Alex Landau refuses to re-enact Denver cop beating

Keep Westword Free
I Support
  • Local
  • Community
  • Journalism
  • logo

Support the independent voice of Denver and help keep the future of Westword free.

On January 29, 2009, Alex Landau was brutally beaten by Denver cops after they pulled him over for what they said was an illegal left turn -- but he charged was racial profiling.

And the City of Denver agreed -- or at least was worried enough about the federal lawsuit Landau filed to settle with Landau for $795,000.

But the Denver Police Department is still dragging out this case.

More than three years after Landau was pulled over, the DPD has not recommended any disciplinary action for the three cops involved: officers Ricky Nixon, Randy Murr and Tiffany Middleton. Murr and Nixon have already been fired in connection with other incidents -- Nixon for the Denver Diner scuffle, Murr for the Michael DeHerrera beating -- although both have appealed their terminations. And although Denver Police Chief Robert White had said he would make a disciplinary recommendation in connection with the Landau case -- including at this March 22 Citizen Oversight Board meeting (see it here) -- he missed a self-imposed deadline in mid-April, then one in early May.

And now he wants a re-enactment of the incident, involving all of the officers as well as Landau.

Landau, who filed his complaint more than three years ago, has declined to participate. "I find this to be not only extremely insulting to myself as a victim, but a dangerous step for our community," he said in a statement yesterday released by the Colorado Progressive Coalition, which has renewed its call for the Department of Justice to investigate the DPD. "Aside from these belittling factors, an accurate reenactment of events would be impossible to conduct from the officers' perspective because another major factor in my case is the degree of conflicting testimony between officers."

If the city wants a re-enactment of the incident, it can start by reading this January 2011 cover story by Joel Warner, in which Landau described how Murr, Nixon and Middleton beat him bloody with fists, flashlights and radios -- and backed up those charges with photos and an eyewitness account.

Chief White has expressed an interest in meeting with Westword. The Landau case is on the top of our agenda; we promise not to bring out our flashlights.

"I feel like it's a real eye-opener for other officers who may engage in this behavior," Landau said after the city settled his complaint in May 2011. "It seems like the city isn't going to stand for it anymore, which is good."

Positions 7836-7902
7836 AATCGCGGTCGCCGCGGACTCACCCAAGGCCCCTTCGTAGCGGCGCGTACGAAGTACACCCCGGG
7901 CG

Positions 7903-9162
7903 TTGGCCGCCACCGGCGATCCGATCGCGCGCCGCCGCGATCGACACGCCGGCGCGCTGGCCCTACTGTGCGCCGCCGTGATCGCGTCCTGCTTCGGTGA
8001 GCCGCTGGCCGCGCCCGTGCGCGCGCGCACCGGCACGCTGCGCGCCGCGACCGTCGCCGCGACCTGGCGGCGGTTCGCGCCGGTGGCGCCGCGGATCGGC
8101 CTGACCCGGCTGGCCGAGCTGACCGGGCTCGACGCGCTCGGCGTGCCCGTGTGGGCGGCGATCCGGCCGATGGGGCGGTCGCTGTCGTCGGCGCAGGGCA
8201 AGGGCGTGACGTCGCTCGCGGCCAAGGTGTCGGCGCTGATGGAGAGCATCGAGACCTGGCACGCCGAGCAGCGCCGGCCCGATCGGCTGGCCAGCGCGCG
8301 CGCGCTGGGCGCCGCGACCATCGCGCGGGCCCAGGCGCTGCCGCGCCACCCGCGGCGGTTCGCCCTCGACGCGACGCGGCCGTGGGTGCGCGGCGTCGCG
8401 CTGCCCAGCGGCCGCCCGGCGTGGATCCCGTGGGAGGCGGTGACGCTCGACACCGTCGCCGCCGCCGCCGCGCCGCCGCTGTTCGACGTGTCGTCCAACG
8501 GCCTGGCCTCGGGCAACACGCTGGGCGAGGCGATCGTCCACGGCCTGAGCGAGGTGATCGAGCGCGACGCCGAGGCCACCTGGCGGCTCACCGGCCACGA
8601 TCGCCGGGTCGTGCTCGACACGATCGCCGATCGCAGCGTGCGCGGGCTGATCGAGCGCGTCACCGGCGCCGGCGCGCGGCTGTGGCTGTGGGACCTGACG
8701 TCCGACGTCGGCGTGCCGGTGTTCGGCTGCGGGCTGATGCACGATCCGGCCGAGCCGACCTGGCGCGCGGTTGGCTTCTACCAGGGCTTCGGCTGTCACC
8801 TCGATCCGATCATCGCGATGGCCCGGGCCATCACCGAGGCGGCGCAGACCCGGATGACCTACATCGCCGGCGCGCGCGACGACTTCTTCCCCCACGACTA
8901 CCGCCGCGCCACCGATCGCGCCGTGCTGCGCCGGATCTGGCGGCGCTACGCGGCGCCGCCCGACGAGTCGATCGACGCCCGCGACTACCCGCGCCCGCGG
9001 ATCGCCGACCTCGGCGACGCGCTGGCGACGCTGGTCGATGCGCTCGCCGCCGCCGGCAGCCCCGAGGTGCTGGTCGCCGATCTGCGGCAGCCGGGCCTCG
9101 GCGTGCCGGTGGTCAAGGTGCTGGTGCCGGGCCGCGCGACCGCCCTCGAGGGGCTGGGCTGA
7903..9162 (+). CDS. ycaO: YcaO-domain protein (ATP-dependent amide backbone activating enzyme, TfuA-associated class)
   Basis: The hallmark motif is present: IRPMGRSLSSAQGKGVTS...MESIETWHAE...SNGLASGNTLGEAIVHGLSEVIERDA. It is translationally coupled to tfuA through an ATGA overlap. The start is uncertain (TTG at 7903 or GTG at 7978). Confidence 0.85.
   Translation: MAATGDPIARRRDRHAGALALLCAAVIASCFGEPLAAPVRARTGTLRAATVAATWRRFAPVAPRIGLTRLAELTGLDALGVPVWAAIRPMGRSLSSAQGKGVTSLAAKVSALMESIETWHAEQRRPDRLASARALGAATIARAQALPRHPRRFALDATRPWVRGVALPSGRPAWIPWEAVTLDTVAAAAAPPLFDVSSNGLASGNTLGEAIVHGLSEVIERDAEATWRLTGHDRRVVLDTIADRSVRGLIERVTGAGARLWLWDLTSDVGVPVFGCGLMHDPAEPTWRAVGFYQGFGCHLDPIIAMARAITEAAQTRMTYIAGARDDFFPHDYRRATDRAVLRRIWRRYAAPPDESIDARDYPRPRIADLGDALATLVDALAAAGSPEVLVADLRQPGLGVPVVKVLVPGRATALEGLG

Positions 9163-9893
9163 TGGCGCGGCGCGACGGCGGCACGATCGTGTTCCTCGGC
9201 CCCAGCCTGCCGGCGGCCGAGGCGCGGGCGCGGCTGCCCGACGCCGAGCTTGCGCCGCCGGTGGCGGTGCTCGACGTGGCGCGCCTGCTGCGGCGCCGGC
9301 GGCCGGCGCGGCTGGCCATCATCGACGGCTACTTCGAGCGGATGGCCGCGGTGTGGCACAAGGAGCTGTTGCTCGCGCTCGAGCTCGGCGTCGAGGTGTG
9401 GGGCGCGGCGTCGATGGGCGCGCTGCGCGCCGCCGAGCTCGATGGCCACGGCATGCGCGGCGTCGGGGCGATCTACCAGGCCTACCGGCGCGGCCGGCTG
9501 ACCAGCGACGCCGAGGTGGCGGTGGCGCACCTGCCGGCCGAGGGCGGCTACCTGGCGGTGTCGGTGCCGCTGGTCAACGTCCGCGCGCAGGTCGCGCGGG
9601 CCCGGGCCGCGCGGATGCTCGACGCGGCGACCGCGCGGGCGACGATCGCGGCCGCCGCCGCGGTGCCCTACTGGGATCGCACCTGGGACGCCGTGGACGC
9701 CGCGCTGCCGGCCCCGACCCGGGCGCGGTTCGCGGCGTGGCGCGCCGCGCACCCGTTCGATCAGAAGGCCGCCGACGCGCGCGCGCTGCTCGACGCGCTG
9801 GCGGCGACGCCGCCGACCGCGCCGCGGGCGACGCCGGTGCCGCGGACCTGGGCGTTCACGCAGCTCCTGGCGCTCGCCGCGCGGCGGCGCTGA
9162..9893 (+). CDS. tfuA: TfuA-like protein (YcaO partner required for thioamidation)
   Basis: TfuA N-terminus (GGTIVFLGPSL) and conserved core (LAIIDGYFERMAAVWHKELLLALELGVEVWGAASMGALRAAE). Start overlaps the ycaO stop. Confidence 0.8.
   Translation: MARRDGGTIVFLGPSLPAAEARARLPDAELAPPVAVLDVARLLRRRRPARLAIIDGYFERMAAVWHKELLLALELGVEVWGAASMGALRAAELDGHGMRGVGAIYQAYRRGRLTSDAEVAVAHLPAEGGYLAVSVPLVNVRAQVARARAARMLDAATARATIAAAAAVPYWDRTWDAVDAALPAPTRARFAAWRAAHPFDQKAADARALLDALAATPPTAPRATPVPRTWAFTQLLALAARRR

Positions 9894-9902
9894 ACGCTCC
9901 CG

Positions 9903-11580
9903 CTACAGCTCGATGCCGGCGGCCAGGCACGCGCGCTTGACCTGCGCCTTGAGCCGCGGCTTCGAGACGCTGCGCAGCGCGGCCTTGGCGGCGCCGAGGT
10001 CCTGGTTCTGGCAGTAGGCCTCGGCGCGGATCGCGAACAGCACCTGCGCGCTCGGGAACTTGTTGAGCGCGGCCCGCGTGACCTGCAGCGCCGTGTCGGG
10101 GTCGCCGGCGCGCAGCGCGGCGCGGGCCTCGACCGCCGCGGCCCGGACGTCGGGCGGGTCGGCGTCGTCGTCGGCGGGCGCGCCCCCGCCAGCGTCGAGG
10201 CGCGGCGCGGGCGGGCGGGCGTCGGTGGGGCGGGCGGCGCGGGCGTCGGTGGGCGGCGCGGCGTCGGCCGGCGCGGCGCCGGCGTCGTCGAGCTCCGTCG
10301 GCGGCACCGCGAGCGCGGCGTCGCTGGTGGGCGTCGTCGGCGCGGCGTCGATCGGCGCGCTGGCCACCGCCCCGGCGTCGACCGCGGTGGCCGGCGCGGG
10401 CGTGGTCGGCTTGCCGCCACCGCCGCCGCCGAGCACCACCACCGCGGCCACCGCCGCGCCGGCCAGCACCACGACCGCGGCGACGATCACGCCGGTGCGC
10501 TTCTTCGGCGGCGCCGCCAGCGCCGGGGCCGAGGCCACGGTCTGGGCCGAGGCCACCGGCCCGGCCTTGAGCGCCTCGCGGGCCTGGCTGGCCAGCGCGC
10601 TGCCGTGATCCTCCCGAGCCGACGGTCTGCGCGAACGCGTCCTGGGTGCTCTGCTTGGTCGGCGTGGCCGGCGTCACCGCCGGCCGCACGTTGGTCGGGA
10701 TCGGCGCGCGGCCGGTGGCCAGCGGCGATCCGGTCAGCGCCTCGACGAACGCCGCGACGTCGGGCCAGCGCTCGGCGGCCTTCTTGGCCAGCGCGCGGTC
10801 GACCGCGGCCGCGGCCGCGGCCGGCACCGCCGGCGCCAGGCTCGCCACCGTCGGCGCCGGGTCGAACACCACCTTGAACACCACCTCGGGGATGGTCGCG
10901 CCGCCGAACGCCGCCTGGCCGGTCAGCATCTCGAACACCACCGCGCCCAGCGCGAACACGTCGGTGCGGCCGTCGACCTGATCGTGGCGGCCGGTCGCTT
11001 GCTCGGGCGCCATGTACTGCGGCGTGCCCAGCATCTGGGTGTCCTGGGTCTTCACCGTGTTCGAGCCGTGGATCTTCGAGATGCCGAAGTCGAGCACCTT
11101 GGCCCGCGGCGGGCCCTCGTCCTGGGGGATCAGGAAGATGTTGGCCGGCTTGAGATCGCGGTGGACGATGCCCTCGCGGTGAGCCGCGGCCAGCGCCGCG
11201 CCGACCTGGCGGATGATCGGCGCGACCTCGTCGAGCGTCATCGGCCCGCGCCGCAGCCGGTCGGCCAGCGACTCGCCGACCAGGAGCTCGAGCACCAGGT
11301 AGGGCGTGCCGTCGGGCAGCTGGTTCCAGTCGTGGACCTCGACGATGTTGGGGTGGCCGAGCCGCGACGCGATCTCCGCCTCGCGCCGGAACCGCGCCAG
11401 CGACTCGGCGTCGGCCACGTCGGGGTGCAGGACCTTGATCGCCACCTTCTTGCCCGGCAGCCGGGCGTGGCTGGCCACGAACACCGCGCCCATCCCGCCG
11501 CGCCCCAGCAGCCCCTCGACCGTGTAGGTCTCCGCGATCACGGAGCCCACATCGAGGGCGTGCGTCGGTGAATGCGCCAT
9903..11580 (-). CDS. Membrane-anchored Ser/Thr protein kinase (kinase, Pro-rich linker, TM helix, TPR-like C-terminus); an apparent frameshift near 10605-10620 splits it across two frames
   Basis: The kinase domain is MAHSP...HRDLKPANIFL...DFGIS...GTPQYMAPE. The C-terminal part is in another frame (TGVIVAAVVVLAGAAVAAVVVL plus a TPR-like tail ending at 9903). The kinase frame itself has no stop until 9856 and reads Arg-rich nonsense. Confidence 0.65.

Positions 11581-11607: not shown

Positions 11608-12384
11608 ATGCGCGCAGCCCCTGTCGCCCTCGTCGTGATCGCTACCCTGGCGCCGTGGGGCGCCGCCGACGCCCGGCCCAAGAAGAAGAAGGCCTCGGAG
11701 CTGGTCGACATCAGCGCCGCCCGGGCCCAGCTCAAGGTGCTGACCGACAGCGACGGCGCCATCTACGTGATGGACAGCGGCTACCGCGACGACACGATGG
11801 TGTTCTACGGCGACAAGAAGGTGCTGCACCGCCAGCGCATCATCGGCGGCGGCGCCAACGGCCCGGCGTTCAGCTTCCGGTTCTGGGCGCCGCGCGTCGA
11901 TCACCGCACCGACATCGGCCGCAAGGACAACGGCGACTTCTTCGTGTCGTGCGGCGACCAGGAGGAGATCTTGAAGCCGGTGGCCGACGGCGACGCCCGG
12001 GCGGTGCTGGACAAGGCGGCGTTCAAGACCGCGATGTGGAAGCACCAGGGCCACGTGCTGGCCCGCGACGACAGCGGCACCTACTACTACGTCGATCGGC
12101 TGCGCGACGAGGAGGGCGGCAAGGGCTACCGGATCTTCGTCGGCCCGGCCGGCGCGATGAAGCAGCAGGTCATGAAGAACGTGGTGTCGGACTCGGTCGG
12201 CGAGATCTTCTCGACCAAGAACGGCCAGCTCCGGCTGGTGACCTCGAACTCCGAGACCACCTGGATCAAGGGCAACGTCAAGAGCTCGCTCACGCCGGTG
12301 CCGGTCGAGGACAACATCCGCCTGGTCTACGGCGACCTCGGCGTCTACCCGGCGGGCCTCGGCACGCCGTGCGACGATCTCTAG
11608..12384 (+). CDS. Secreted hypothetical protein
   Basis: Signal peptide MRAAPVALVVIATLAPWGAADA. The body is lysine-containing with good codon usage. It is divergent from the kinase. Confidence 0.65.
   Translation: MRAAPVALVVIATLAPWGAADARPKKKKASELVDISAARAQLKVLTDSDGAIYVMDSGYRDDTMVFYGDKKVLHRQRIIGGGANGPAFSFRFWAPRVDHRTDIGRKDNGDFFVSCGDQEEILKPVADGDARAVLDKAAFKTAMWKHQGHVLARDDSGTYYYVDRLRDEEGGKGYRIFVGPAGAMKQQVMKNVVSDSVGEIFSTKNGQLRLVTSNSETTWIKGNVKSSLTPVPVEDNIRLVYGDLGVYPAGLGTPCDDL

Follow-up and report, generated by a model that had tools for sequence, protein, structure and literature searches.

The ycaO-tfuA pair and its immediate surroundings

If true.

Alex Landau isn't the only one calling for a Department of Justice investigation into the DPD. Read more in "ACLU wants Department of Justice to investigate Denver Police."

Keep Westword Free... Since we started Westword, it has been defined as the free, independent voice of Denver, and we would like to keep it that way. Offering our readers free access to incisive coverage of local news, food and culture. Producing stories on everything from political scandals to the hottest new bands, with gutsy reporting, stylish writing, and staffers who've won everything from the Society of Professional Journalists' Sigma Delta Chi feature-writing award to the Casey Medal for Meritorious Journalism. But with local journalism's existence under siege and advertising revenue setbacks having a larger impact, it is important now more than ever for us to rally support behind funding our local journalism. You can help by participating in our "I Support" membership program, allowing us to keep covering Denver with no paywalls.

We use cookies to collect and analyze information on site performance and usage, and to enhance and customize content and advertisements. By clicking 'X' or continuing to use the site, you agree to allow cookies to be placed. To find out more, visit our cookies policy and our privacy policy.


Join the Westword community and help support independent local journalism in Denver.


Join the Westword community and help support independent local journalism in Denver.